But if I was him then I think I’d be feeling demoralised too. He’s in the same boat as Mike Ashley at Newcastle and Randy Lerner at Aston Villa. Say what you like about these guys but over time they’ve put plenty of their own personal wealth into the clubs they own. It’s gone wrong for them and when that happens you’re always going to cop for some flak, but it must be tough to see so little appreciation of the investment you’ve made. Personal investment at Leeds doesn’t come from anyone other than Cellino. No-one else on the board of directors is putting any money in and the accounts show that the cash spent by him so far is not inconsiderable. Far from it in fact. I very much doubt that he’s looking for adulation from the supporters but he doesn’t seem to get any credit for the fact that he’s trying. Over the past two years he’s got things wrong and he’s done things that he shouldn’t have done. Right back at the very start – and he’s admitted this himself – he totally misjudged the quality of the Championship by trying to flesh out the squad with Serie B players. That was a mistake. Serie B in Italy might be the same level as the Championship but it’s not the same standard. Our league is one of the toughest in the world, as we’re finding out season after season. I’d say that, in general, he’s found English football very unfamiliar. It doesn’t operate in the same way as the Italian game and for that reason his ways and his manner stand out like a sore thumb. Yes, he’s deserved some of the criticism that’s come his way. But I’ve felt for a while that there’s a desire among some to chase him out of the club at every turn. To me, Cellino is our best option in the circumstances. What is the alternative? I know people have this idea of finding better owners who are filthy rich or perfect in every way, but I don’t believe there’s a queue of people waiting to take Leeds off his hands. I don’t believe there’s a queue of people rich enough to do it. I go around the country every weekend, I speak to people from the Football League and other clubs and they all say the same thing to me – there are fewer and fewer individuals out there who want to buy a football club. The days when you could invest quite cheaply and get things going pretty quickly are long gone. Now you need mega money to buy in. You need serious personal wealth and a willingness to gamble a lot of money. Cellino seems willing to put his money in. From what I’ve been hearing around the club, I think he wants to put more money into the squad this summer to give us a fighting chance of the play-offs next season. If the pressure is getting to him, it worries me that he might have second thoughts about doing that. The concern from my point of view is purely the club. Leeds United have been part of my life for 50 years and I want what’s best for them. As it is, I really can’t see a better option than Massimo right now. But I accept that some people disagree. Deep down I do feel sorry for him. His family are spread far and wide and they’re no longer with him in Leeds. When he’s on his own in his flat, there must be times when he thinks ‘why did I bother doing this?’. It’s not that the past two years have been brilliant. In fact they’ve been quite the opposite, so I really wouldn’t expect anyone to be lauding him with praise. But I do think he’s trying his best and I think he’ll continue to try his best. I hope the suggestion that he wants to sell isn’t a sign that he’s given up. What a gobshite of a ‘Yes’ man The Lash Lorimer is. If you google Lorimer’s column in YEP on Hockaday it’s almost identical to this article on Clarke and I’ve resurrected it here from the June edition of Louth Branch SC website : Thursday 26th of June 2014 . Hockaday has great chance to impress – Lorimer Despite Dave Hockaday’s unheralded background in coaching, Peter Lorimer believes he can still make his mark at Elland Road.DAVID HOCKADAY is the new head coach of Leeds United and while he is not the biggest name, I don’t think names mean anything in coaching, to be honest with you. There have been loads of instances of great footballers who have not become great managers and coaches and we have had some big names come to Leeds over the years and they haven’t worked at this club. It’s about what the individual person does and how he gets his message across and stamps his authority and making sure people are impressed with him to get the right results. If I was in David’s position, I would just think ‘what a wonderful opportunity it is for me to show people I am a good coach who can do the job at a big club.’ His job is a defined one, like any other job where you have your roles. Footballers are there to play football and similarly, coaches are there to get them fit, organised and train them. That’s David’s job and he will need to make his mark that way on the players. From what I know of the group of players we have got at Leeds, they are a decent set of lads and I don’t think there’s anyone who causes trouble down there. I would imagine that they will respond accordingly to him and give him his chance. They have to impress him, of course they have, to be firmly in his plans for next season, which kicks off at Millwall on August 9. The good thing for a lot of the players is that a fair few of them under Brian McDermott seemed to have been dropped out of the pecking order altogether during the course of last season. But they will see this as having another chance now. This is a big chance for a lot of them who weren’t really involved with Brian’s group and it’s up to them who are still here to impress the new coach and show they are worthy of a place. This always happens at a football club when you get a new coach or manager in. It can revitalise a lot of players who had maybe got a bit stale or weren’t really part of the situation. I am sure a lot of players will be wanting to show that while they weren’t part of it last season that they are worthy of a place and that it can work for them at Leeds United. In terms of David, we all have to give him a chance, the decision has now been made. Let him get on with the job – and he has got a job on his hands before the start of the season and he will have to get to know the players and the aspects of the club quickly. He’s basically got a month to get things organised and has a big job in front of him. It’s a major change in his life as well, coming to a club like Leeds United from where he has been will be a major challenge for him. It’s a big challenge for him, yes, but equally I am sure it is one he will look forward to. Leeds are a big club and a big job and it can be the making of him if he does well here. In terms of what he will be doing on the training ground, with pre-season getting underway again today, I think he will be judging the fitness of the players and basically looking at what he’s got once training starts, that will be his priority along with getting some friendly games organised. I am sure Dave will be seeing if we are potentially weak in certain areas before making his decisions. A few midfielders have already gone such as Paul Green and Michael Brown and that might be a position we need to strengthen for instance and there will be other areas that we may need to strengthen in as well. I think he will have an idea of how he wants to play in terms of style. But once again, he will have to look at the players he has got and see if he has those type of players to play the system he wants to. Every coach has an idea of how they want to play, but do you have the players within the club to do that? I would imagine Dave will have his mind on one or two positions or players he’d like to bring in, for sure. We’ll just have to wait and see on that count. Obviously, Lee Peltier has now left the club and joined Huddersfield Town and to be quite honest, it never really happened for him at Leeds, looking at his time here. He was out on loan at Nottingham Forest at the end of last season and all parties seemed happy for him to go and find another permanent club. Realistically, the crowd never really took to him and this represents a big chance for him to get away to Huddersfield, where he has played before, and pick his career up again. That is what he will be looking to do. While some players will be revitalised and become involved again, a move for Lee could do the same for his career as well. Yeah yeah Peter. Bullshit !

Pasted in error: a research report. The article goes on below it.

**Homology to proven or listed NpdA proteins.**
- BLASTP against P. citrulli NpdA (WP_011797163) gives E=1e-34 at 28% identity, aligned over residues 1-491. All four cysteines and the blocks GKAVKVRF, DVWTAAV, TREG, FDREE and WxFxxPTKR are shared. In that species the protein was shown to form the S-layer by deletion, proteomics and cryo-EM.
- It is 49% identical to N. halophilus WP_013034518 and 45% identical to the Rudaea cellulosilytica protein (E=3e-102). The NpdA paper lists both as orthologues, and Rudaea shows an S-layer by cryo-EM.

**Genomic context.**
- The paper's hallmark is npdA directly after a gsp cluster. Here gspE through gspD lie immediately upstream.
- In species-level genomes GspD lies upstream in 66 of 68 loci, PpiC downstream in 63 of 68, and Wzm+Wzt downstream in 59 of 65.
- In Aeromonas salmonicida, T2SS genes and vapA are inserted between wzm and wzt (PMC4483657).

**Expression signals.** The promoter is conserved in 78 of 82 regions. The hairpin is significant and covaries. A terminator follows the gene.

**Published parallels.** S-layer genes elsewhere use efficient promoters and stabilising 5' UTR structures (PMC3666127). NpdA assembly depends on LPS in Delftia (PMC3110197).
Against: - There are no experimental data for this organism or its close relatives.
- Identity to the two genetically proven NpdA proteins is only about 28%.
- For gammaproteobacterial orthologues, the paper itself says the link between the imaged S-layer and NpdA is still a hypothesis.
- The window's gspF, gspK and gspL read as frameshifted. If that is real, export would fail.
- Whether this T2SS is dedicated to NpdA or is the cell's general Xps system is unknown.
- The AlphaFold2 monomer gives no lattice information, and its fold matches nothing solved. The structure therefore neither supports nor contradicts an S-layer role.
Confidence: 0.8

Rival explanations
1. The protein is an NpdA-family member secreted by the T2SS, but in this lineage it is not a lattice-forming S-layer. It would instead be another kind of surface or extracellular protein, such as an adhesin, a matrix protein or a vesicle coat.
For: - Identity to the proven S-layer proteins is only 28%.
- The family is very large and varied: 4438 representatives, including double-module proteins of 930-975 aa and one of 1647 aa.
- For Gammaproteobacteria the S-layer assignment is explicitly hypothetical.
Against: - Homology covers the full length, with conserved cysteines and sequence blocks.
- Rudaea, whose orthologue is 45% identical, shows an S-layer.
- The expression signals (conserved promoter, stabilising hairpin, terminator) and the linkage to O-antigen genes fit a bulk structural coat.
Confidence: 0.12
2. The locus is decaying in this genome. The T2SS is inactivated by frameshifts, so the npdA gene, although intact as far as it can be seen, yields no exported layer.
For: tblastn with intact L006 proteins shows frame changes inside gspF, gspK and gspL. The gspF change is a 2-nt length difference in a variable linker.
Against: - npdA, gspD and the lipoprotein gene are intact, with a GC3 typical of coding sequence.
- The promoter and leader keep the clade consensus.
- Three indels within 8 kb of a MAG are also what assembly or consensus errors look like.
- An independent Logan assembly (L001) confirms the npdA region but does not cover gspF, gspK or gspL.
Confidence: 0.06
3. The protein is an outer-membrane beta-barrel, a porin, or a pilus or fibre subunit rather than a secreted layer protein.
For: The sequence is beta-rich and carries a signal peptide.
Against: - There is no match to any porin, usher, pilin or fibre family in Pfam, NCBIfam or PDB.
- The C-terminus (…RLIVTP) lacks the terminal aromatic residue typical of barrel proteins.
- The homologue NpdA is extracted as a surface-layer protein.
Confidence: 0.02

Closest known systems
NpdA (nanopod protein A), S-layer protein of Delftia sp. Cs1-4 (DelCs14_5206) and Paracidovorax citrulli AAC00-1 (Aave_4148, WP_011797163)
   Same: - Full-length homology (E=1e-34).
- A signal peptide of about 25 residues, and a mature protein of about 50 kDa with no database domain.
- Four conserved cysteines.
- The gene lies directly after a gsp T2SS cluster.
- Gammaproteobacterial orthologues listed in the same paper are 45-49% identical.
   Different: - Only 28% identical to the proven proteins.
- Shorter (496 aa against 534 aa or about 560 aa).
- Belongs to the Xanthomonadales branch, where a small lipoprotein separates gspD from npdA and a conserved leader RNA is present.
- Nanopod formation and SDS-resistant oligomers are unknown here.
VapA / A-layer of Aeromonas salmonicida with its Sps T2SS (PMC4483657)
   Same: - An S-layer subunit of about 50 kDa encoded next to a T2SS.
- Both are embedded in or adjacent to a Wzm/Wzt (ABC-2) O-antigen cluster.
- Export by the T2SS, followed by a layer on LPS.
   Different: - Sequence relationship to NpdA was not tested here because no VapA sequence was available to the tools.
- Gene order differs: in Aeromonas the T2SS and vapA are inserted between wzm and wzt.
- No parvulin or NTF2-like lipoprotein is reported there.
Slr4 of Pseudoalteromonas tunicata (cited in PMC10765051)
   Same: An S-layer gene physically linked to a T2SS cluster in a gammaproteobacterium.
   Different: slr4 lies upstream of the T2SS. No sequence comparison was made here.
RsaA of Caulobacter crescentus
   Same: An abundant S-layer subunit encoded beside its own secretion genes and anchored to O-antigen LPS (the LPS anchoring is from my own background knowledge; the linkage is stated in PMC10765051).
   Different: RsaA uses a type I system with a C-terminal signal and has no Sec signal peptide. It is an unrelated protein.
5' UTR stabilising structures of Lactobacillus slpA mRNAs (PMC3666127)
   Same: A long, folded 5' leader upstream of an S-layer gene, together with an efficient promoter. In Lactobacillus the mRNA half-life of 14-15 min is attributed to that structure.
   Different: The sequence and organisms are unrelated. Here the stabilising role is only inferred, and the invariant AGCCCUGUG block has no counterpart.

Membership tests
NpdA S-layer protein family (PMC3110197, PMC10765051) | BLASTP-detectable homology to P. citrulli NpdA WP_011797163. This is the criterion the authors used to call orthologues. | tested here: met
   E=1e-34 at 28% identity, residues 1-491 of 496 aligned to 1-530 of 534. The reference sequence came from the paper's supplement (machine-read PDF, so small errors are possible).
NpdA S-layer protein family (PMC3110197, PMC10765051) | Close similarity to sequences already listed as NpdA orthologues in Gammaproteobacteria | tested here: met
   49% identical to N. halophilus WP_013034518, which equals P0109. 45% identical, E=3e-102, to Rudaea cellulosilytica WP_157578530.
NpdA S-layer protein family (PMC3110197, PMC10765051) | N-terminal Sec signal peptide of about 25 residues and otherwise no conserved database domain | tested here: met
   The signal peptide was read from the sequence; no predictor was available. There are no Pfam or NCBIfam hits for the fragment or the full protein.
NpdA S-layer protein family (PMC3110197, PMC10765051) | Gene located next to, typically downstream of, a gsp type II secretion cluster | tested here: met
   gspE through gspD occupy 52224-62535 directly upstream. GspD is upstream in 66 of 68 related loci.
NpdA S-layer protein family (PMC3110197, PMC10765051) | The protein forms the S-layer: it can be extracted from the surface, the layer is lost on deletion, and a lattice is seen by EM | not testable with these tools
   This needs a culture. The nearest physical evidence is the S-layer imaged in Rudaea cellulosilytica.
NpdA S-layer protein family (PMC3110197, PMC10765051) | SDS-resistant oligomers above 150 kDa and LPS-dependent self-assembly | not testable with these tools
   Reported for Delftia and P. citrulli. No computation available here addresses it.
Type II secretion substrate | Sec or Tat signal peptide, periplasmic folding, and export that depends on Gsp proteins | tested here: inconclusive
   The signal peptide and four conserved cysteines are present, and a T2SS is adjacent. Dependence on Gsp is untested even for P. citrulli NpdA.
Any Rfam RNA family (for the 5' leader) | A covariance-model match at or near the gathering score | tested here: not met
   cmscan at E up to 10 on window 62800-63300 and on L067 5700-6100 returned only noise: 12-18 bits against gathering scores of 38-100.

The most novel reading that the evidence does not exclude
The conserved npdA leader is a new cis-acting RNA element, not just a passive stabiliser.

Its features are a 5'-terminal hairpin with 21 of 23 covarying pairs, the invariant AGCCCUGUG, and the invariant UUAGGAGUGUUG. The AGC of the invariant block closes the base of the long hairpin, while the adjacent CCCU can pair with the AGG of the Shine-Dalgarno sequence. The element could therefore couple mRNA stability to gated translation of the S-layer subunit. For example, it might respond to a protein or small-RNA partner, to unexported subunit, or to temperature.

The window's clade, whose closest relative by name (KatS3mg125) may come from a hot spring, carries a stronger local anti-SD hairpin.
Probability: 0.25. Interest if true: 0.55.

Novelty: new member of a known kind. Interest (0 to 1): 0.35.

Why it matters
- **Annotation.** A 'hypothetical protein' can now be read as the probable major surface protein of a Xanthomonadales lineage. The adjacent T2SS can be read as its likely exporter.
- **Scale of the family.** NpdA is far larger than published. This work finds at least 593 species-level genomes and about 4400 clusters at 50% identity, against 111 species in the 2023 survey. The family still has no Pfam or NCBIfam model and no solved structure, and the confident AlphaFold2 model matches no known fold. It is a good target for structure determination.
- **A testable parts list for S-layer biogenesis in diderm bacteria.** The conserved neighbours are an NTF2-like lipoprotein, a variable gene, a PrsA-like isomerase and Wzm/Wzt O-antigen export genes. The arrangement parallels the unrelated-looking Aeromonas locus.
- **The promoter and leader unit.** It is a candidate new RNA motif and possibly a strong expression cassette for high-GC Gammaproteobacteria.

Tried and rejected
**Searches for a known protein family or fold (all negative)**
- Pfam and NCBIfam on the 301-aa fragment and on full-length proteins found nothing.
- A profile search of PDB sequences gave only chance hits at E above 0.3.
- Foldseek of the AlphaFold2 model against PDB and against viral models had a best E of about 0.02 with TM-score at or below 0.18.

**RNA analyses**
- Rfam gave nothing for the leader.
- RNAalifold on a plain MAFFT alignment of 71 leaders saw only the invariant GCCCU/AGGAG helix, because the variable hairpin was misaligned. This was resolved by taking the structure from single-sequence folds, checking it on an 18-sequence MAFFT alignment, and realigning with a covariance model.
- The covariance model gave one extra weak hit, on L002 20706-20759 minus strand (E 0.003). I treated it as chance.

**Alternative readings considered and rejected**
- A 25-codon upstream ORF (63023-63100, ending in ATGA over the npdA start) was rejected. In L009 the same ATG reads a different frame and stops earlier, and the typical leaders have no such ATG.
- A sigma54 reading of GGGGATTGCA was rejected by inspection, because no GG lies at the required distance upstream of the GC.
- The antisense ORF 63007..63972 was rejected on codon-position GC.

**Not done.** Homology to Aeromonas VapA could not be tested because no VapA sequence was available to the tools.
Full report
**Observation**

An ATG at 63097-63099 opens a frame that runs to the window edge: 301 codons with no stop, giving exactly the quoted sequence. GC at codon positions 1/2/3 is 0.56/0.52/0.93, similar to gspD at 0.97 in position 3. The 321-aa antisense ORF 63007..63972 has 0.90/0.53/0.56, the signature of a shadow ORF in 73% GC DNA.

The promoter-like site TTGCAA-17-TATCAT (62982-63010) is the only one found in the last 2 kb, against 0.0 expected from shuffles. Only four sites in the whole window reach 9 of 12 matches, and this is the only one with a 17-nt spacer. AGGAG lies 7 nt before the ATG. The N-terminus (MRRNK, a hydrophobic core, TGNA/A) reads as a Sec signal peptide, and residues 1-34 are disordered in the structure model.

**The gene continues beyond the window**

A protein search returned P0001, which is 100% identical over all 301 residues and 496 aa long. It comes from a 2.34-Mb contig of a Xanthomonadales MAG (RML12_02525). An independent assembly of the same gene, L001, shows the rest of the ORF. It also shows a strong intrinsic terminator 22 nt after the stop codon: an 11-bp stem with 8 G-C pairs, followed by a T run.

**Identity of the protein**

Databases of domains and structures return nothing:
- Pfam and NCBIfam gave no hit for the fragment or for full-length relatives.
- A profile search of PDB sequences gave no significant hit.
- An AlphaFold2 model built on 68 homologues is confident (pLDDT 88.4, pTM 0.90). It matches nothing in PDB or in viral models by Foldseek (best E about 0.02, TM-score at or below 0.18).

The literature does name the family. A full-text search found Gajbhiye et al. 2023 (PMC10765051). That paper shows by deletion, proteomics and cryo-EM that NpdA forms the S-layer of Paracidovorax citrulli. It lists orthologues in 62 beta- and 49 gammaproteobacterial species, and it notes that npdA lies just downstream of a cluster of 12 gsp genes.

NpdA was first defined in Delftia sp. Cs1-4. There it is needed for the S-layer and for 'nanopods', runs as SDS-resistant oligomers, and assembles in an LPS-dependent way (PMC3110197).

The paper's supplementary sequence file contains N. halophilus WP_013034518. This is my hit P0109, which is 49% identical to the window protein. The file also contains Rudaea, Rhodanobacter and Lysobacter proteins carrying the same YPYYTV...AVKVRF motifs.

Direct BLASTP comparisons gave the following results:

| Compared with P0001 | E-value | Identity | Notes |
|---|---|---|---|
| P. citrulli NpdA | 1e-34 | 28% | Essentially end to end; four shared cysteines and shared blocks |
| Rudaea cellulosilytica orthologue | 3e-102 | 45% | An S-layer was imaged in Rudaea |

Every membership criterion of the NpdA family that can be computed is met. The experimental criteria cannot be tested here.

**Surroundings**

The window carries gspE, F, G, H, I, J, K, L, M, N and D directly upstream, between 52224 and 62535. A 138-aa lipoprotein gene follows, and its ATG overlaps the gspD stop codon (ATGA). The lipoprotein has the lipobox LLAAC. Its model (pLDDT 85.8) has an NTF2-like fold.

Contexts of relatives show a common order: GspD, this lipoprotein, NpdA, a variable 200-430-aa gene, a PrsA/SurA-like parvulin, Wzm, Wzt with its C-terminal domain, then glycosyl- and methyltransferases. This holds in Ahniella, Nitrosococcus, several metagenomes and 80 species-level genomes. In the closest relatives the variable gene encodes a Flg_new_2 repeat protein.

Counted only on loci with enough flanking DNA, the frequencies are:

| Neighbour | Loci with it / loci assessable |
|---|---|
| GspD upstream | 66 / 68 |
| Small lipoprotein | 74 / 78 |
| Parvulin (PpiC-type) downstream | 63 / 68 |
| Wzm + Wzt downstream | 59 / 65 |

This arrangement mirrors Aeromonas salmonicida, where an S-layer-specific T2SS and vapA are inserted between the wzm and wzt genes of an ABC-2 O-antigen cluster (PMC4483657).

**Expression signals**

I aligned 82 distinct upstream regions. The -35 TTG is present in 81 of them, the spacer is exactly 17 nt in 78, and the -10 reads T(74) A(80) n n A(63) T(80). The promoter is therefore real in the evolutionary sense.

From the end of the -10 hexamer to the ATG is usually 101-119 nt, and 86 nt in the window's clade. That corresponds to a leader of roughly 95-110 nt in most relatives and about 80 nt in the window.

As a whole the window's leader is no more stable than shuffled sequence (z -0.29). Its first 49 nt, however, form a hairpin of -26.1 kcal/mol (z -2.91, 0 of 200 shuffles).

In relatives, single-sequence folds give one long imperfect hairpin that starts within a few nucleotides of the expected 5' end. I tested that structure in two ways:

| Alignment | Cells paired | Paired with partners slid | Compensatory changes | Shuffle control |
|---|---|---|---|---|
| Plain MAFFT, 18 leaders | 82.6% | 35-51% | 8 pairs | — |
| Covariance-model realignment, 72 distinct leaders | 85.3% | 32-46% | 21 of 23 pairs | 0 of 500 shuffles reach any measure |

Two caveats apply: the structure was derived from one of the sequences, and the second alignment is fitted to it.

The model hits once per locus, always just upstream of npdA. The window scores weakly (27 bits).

Mon May 23rd Antenucci takes a swipe at Leeds Mirco Antenucci has criticised Leeds United’s “corporate organisation” and the calibre of head coaches employed at Elland Road after leaving the club at the end of his contract. Antenucci paid tribute to United’s support and talked up the city of Leeds but he voiced frustration with Massimo Cellino’s rapid turnover of first-team bosses and what he claimedwas a lack of tactical work in training. The 31-year-old completed a two-year stint at Elland Road on Friday when Leeds announced that they would not be renewing the deal he signed when he joined from Italian side Ternana in 2014. Antenucci has returned to Italy and was present at the Italian cup final in Rome yesterday, watching Juventus beat AC Milan. Birmingham City are understood to have made an initial enquiry about him but Antenucci is likely to join a team in his homeland following his release from Elland Road. His time at Leeds saw him play 80 times and score 19 goals but he was troubled by off-field matters, including a goal-related clause in his contract which threatened his place in the first team towards the end of the 2014-15 term. United employed no fewer than five head coaches during his two years at Elland Road, beginning with David Hockaday and ending with the arrival of Steve Evans last October. Antenucci said he was “disappointed with the quality of coaches who came along” and appeared to hit out at owner Cellino’s running of the club. He told Italian website www.gianlucadimarzio.com: Me and my family had a great time in Leeds. “From the point of view of football, I discovered a new reality, different from ours (in Italy). “The playing facilities (stadiums) are beautiful and always full, there are great training facilities and they are modern. “But what disappointed me was the corporate organisation of Leeds, which has been lacking in the past two years.“ It’s a club which deserves to play in the Premier League. “To do that you should have the best conditions for the players, something which has not happened. “I was disappointed also with the quality of the coaches who came along.”Antenucci said he rarely crossed paths with Cellino and claimed support was lacking during his more difficult periods at Elland Road. He also criticised the food served up to United’s players, saying they were fed “so many things you don’t get in Italy.”“It had an impact on my performance,” he said. “Then we exercise less. There are two free days a week Sunday and Wednesday. The training takes place with almost no work on tactics.”Antenucci was one of two senior Leeds United players to be released last week, the other being centre-back Scott Wootton. He had come close to leaving Elland Road in January after attracting interest from Serie B side Ascoli but Leeds refused to let him move on amid a shortage of strikers.